What is a ‘hug’?
Verb: squeeze (someone) tightly in one's arms, typically to express affection.
Noun: an act of holding someone tightly in one's arms, typically to express affection.
So, technically, hug expresses affection. Experts say hugging triggers release and lowers stress hormone levels.
Hugging releases a chemical called Oxytocin, secreted by the posterior lobe of the pituitary gland, a pea-sized structure at the base of the brain. It is sometimes known as the "cuddle hormone".
It has been scientifically proven that human touches are essential for brain growth. In a study published in the Genetic Psychology Monographs, researchers found that institutionalized infants who received hugs for an additional 20 min of tactile stimulation (touch) per day for 10 weeks scored higher in developmental assessments than those who didn’t. They also found that not all types of touch were beneficial. Only a nurturing touch such as gentle hugging can provide the type of positive stimulation a young brain needs to grow healthily. A young child needs a lot of different sensory stimulation for normal development. Skin contact, or physical touch such as hugging, is one of the most important stimulation required to grow a healthy brain and a strong body. Also, this feel-good hormone has many important effects on our bodies. One of them is growth stimulation.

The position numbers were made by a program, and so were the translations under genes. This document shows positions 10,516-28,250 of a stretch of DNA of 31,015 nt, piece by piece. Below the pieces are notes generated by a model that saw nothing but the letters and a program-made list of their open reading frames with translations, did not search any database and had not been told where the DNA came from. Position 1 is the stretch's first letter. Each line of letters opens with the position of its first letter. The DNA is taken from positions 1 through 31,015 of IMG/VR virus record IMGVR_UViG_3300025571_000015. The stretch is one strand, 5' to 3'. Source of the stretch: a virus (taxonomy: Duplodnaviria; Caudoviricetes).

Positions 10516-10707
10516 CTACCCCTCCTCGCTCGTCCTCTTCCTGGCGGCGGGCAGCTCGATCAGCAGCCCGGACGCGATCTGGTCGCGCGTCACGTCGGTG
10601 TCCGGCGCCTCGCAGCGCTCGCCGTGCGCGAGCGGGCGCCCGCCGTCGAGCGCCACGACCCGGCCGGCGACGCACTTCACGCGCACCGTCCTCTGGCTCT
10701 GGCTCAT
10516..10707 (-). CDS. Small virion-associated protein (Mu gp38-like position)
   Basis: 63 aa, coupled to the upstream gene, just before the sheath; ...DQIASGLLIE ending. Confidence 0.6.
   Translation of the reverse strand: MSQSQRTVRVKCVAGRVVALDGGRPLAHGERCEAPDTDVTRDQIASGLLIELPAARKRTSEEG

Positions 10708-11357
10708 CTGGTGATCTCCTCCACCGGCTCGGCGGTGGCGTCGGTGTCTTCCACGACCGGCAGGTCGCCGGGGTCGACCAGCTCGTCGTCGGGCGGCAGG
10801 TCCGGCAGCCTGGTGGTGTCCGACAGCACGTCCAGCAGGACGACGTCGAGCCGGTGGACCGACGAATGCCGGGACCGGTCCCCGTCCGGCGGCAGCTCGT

Studies show that hugging can instantly boost the level of oxytocin. When oxytocin is increased, several growth hormones, such as insulin-like growth factor-I (IGF-1) and nerve growth factor (NGF), are increased as well. As a result, the nurturing touch of a hug enhances a child’s growth.
Hugs are good for a child’s emotional health. Nothing can calm a tantrum-throwing toddler faster than a great big hug from the parent.
Many parents worry that hugging a tantrum-throwing child is rewarding bad behaviour with attention. But it is not. Hugging a child is not the same as giving in (which does encourage bad behaviour).
Hugging without giving in is helping a child learn to self- regulate. Regulating one’s emotion is like driving a car.
Hugs teach children to develop empathy, promotes self-esteem, makes them smarter, helps in discipline, and keeps both of you happy. Gathering your child in your arms for a hug helps to uplift both your spirits and keep you both happy. Hugs function in a similar fashion to meditation and laughter. Apart from teaching you to let go of all negative vibes, they also encourage you to “go with the flow” and relish in the feel-good feelings of the moment.